What say the financial brain trusts on the forum

dobber

Old Mossy Horns
Up here we have something called CPP (Canada Pension Plan) sort of like old age pension, we put into it every paycheque and they calculate how much you get each month when your 65. Now the trick to this also is do I take it early? which comes with a penalty of course, or wait till 70 and get a bigger monthly sum.
I know people who take it early, and if smart enough put it into something that gains better interest than the bank.
I would "lose" money at age 74 which is the breaking point if I took it early
So 14 years of collecting the early amount, or do I wait till 65 and collect the same amount in 9 years.

I am fully aware of what I am asking, where I am asking, and who I am asking lol
 

gi53

Button Buck
just remember, tomorrow is not guaranteed! oh, I live close to Cornwall, Potsdam NY
 

hunter

Eight Pointer
Contributor
I have contemplated the same here in the States. Ultimately, it is an individual choice and what works best can vary a lot or even be the opposite of what works for someone else. It may also change over time so think on it a bit before locking an approach in! In good health and men in your family tend to live into their 90s might indicate going in one direction. In poor health or men in your family rarely live past 75 might suggest a different approach.

For me, I am trying to work an approach that I can retire early enough, likely in good enough health to do a few bucket list things, and still have enough savings to help out my wife if she outlives me by a bunch. Also plan not to carry debt into retirement so if I want a new truck, tractor, etc. the plan is to work long enough to pay it off or replace the initial hit on my savings. Just what works for me and likely not the right approach for others! Part of my thoughts are impacted by a work colleague of mine that retired relatively early. Said that men in his close family rarely lived past their 60s. He had a few good years of doing what he wanted, enjoying his retirement, and then died at age 62. So he never really benefitted from Social Security, just lived off of his work pension, savings, and doing part time work when and where he wanted to.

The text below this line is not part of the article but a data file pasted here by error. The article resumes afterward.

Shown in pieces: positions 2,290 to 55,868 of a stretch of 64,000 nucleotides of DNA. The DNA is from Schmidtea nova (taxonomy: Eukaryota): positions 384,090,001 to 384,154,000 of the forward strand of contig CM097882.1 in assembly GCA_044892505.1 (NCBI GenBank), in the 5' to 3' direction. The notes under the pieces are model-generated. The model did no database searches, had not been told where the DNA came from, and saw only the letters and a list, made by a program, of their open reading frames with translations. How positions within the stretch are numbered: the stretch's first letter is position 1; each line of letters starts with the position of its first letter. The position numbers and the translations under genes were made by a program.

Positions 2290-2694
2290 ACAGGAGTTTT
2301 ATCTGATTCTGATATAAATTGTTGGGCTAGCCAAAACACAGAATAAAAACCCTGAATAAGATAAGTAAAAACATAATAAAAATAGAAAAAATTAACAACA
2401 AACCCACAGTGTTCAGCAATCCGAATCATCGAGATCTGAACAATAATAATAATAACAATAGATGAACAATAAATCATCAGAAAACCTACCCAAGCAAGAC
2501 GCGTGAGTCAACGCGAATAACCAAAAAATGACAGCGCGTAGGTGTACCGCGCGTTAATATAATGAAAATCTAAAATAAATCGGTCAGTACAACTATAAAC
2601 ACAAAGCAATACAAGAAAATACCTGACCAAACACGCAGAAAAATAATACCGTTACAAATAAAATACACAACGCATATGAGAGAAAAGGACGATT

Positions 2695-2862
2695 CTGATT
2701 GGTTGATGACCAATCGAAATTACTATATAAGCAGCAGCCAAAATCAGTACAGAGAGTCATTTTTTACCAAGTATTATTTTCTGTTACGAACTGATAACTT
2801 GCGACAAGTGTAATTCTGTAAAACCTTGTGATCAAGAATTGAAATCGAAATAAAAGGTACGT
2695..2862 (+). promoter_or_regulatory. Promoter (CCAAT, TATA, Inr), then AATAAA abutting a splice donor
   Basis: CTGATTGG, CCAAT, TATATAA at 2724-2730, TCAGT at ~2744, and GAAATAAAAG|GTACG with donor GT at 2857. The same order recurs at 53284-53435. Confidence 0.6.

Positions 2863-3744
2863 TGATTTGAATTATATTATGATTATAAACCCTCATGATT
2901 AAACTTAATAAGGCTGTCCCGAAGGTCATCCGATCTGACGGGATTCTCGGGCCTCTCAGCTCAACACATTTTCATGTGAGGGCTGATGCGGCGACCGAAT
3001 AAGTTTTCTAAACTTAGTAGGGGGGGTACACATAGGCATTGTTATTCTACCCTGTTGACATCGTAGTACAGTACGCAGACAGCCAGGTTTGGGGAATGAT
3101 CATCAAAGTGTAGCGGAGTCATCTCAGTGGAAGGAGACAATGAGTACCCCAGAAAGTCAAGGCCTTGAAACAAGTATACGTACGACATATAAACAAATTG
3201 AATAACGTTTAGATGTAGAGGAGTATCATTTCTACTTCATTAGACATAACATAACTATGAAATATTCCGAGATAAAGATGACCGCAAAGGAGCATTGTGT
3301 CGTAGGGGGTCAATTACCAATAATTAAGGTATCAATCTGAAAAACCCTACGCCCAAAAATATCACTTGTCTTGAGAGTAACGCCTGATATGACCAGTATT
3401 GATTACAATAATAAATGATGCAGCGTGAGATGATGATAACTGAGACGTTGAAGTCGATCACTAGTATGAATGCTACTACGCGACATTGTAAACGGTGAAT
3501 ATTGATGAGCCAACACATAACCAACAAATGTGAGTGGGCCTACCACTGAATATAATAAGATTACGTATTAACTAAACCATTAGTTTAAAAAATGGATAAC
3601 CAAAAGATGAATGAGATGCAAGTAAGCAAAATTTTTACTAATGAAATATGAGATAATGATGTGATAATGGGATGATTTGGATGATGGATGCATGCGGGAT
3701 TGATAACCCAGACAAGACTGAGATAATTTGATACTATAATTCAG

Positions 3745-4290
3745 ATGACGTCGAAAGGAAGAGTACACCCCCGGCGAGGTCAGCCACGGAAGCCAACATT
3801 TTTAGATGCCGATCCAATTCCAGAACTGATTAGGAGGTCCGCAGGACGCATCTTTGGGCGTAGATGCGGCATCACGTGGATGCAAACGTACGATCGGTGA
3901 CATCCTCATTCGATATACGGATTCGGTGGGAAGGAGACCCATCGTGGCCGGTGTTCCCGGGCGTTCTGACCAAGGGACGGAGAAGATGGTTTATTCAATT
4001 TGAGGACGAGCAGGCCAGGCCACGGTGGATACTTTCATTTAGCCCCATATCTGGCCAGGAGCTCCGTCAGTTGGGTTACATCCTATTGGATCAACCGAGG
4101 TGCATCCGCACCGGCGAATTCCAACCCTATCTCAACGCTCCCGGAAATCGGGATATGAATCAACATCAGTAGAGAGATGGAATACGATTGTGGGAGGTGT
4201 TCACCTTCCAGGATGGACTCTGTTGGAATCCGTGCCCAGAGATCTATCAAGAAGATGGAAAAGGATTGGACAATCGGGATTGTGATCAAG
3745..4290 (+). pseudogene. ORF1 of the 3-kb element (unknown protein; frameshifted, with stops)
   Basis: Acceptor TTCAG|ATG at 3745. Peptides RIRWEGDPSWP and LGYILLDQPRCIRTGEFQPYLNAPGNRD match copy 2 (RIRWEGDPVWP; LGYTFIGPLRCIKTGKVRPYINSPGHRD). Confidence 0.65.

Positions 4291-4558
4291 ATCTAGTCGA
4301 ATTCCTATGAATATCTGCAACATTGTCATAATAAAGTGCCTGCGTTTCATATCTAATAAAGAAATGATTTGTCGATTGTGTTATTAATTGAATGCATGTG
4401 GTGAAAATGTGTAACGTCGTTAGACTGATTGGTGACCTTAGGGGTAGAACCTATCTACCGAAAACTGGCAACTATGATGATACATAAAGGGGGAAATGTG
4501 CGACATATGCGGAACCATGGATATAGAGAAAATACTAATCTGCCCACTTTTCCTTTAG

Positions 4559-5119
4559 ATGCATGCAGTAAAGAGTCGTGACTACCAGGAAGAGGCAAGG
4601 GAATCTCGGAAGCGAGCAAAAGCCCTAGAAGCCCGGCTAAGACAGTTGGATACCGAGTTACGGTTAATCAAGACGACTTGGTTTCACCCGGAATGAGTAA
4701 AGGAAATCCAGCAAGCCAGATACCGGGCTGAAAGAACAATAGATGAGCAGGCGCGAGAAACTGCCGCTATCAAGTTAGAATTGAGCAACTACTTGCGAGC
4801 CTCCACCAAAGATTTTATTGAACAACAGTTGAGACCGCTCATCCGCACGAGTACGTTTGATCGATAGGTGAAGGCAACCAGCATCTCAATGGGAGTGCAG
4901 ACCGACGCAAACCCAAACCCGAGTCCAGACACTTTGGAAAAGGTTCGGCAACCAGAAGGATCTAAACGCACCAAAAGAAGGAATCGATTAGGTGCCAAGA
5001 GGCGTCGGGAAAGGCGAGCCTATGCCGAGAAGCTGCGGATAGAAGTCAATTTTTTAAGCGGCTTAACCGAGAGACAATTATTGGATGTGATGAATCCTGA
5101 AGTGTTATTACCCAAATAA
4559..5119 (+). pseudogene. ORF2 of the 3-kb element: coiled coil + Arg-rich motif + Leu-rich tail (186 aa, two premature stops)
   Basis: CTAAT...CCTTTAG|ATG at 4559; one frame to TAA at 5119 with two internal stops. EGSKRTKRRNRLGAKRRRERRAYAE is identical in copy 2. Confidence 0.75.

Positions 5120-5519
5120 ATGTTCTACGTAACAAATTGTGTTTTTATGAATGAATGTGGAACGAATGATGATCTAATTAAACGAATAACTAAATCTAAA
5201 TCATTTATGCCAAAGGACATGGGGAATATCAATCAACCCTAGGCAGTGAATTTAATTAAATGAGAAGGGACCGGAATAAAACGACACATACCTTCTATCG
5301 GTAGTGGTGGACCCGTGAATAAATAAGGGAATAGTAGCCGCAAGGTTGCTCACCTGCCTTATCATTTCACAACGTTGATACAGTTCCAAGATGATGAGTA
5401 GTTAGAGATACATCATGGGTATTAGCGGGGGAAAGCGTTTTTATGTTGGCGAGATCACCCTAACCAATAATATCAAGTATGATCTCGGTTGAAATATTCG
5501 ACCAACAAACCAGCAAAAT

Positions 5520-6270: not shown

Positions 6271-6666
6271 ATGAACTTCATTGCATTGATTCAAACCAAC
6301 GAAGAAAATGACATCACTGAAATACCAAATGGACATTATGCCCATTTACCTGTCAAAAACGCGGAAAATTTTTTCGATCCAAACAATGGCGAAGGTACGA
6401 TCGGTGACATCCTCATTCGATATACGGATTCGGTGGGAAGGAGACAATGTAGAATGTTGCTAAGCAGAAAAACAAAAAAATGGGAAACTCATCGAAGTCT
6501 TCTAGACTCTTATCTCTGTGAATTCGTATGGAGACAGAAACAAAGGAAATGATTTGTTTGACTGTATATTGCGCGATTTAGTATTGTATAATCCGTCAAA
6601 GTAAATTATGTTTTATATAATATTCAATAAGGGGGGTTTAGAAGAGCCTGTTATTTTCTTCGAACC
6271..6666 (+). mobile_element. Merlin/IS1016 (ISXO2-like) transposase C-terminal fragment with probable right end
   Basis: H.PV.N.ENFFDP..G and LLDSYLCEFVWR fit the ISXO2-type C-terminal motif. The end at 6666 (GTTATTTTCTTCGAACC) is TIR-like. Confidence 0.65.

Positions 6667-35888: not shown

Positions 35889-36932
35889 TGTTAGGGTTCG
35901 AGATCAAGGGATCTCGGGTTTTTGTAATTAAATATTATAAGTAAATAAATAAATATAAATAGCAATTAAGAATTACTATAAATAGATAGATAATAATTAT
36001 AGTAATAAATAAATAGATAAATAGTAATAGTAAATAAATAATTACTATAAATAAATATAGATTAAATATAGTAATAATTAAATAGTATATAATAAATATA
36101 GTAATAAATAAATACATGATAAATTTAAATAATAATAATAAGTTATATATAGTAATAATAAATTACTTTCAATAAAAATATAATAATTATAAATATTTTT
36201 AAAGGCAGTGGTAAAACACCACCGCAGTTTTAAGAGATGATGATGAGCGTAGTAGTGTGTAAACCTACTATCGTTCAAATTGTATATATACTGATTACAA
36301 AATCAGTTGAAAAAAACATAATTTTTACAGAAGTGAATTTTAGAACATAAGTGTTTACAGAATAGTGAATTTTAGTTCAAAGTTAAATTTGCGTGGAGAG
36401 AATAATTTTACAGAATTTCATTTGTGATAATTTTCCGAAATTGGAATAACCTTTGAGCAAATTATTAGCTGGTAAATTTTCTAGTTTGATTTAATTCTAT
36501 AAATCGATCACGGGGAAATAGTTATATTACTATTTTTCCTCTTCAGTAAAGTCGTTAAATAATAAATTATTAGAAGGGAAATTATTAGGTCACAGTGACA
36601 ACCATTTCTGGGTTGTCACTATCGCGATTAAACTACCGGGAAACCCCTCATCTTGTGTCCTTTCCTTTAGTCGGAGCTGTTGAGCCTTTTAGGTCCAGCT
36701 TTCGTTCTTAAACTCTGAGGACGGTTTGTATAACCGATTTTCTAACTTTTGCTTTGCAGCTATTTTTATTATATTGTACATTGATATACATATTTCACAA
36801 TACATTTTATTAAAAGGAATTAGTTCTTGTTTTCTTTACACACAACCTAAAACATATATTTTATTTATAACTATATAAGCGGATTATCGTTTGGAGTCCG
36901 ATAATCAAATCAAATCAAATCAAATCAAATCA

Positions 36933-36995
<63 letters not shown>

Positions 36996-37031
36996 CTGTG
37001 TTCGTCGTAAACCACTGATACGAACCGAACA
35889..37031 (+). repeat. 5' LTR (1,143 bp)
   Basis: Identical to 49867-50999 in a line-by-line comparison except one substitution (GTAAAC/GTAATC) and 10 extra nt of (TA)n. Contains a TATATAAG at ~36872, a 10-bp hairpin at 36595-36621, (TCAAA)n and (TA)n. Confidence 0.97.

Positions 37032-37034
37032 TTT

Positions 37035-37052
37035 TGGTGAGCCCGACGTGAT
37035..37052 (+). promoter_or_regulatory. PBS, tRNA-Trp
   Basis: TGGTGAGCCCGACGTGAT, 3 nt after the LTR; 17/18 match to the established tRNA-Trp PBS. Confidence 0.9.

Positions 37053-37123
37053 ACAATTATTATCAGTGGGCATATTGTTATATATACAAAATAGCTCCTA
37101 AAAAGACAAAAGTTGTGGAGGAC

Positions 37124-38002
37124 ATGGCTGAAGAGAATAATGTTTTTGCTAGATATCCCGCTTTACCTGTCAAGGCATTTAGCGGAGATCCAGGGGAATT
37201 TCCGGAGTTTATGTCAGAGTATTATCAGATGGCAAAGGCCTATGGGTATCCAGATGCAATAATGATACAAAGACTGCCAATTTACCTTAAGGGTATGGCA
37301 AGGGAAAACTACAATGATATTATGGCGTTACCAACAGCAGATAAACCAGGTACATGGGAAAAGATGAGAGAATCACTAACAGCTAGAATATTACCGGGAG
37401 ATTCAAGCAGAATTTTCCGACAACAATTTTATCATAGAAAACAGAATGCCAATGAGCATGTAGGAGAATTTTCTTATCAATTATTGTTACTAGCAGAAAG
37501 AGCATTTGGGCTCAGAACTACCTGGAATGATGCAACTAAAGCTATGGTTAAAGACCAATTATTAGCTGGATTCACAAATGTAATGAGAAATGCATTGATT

Good luck whatever path you take. I suggest maybe starting a list of pros and cons, put it aside for 6 months and then see if it still makes sense, and go from there!
 

dobber

Old Mossy Horns
I suggest maybe starting a list of pros and cons
I have 8-10 months before I decide I believe, so yeah been weighing the options, figure the 5 years worth if taken early can be tossed into RRSP which gets me some tax savings and could get a 5-10% return
 

“J”

Twelve Pointer
I have 8-10 months before I decide I believe, so yeah been weighing the options, figure the 5 years worth if taken early can be tossed into RRSP which gets me some tax savings and could get a 5-10% return